Abstract: I show that firms' ability to postpone entry has important implications for our understanding of the observed business cycle behavior of start-ups. I use a model that closely replicates the main features of the US firm dynamics to explore and quantify the mechanism. I find that the option to wait endogenously generates a countercyclical opportunity cost of entry: During recessions, a higher risk of failure increases the value of waiting, hence the cost of entry. The mechanism increases the elasticity of entrants to aggregate shocks five times. It is responsible for three-fourths of the observed persistent differences in the recessionary and expansionary cohorts' productivity, survival, and employment. Without the channel, existing models require either large shocks that generate excessive aggregate fluctuations or exogenous mechanisms to reconcile the observed dynamics of entrants. Overlooking this channel may also result in misleading predictions about entrants' responses to different shocks or policies.
Presented at: Boston University 2023, the Wharton Business School 2023, EEA-ESEM 2022, SED 2021, ES World Congress 2020, EEA 2019, EESWM 2019, Auburn University, I-85 Macroeconomics Conference 2019, Midwest Macro at Vanderbilt University 2019, EGSC at Washington University in St. Louis 2019, GCER Alumni Conference 2019, the Federal Reserve Bank of St. Louis, University of Virginia, Auburn University, 6th Lindau Meeting on Economic Sciences 2018
Abstract: We quantify the role of firm entry and exit in shaping the output costs of sovereign debt crises. Empirically, higher sovereign risk correlates with less firm entry and more exits. We find evidence of a credit-supply channel explaining the sovereign risk-entry relationship but not for the sovereign risk-exit relationship. We develop a model with sovereign risk, financial frictions and endogenous firm dynamics. Calibrated with data around the Portuguese debt crisis, the model predicts that sovereign risk explains 60% of the fall in entry and most of the exit dynamics. The extensive margin explains 80% of the output fall in the long-run.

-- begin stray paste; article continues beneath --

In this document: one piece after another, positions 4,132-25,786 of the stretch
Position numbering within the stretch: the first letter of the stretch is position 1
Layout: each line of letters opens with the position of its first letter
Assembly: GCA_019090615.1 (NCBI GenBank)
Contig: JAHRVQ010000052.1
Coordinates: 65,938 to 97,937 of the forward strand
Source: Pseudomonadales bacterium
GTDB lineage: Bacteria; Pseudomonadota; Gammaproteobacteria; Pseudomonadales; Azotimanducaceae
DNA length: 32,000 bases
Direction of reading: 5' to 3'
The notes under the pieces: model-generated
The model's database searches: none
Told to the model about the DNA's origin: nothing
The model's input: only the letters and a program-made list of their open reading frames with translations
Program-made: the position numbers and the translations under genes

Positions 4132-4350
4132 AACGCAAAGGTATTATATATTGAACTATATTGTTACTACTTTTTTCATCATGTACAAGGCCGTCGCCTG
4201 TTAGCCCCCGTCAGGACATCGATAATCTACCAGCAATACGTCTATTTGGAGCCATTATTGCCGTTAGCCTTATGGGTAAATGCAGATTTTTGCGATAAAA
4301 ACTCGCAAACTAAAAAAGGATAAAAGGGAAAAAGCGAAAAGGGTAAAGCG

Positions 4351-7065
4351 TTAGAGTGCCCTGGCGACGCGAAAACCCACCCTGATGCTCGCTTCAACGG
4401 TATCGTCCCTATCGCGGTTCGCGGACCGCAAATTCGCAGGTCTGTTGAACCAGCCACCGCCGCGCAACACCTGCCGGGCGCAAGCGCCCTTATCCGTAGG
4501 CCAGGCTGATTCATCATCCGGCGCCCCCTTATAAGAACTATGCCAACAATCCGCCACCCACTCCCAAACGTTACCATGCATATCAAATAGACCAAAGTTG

Presented at: University of Rochester 2022, the Wharton Business School 2022, York University 2023, Kent Macro Workshop 2023, the Federal Reserve Bank of Atlanta, SEA 2021, MEA 2022, Midwest Macro 2022, NASMES 2022, SED 2022, EEA/ESEM 2022, Lisbon Macro Workshop 2022, LACEA/LAMES 2022, and AEA/ASSA 2023, Auburn University
Updated version coming soon!
Abstract: We use firm-level micro-data from India to establish that firm capital user costs are highly variable, endogenous to the state of the firm, and drives fluctuations in firm productivity and returns-to-capital. Using a calibrated neoclassical investment model with capital adjustment costs and endogenous capital user costs, we show that 42% of fluctuations in capital returns are driven by variations in capital utilization rates, as opposed to exogenous risk or capital frictions. Moreover, this increased dispersion in capital returns is associated with gains to aggregate productivity due to increased firm flexibility to bypass capital adjustment costs via adjustments in user cost.
Presented at: Lisbon Macro Workshop 2023, Theories and Methods in Macroeconomics (T2M) 2023, National University of Singapore 2023, University of Toronto 2022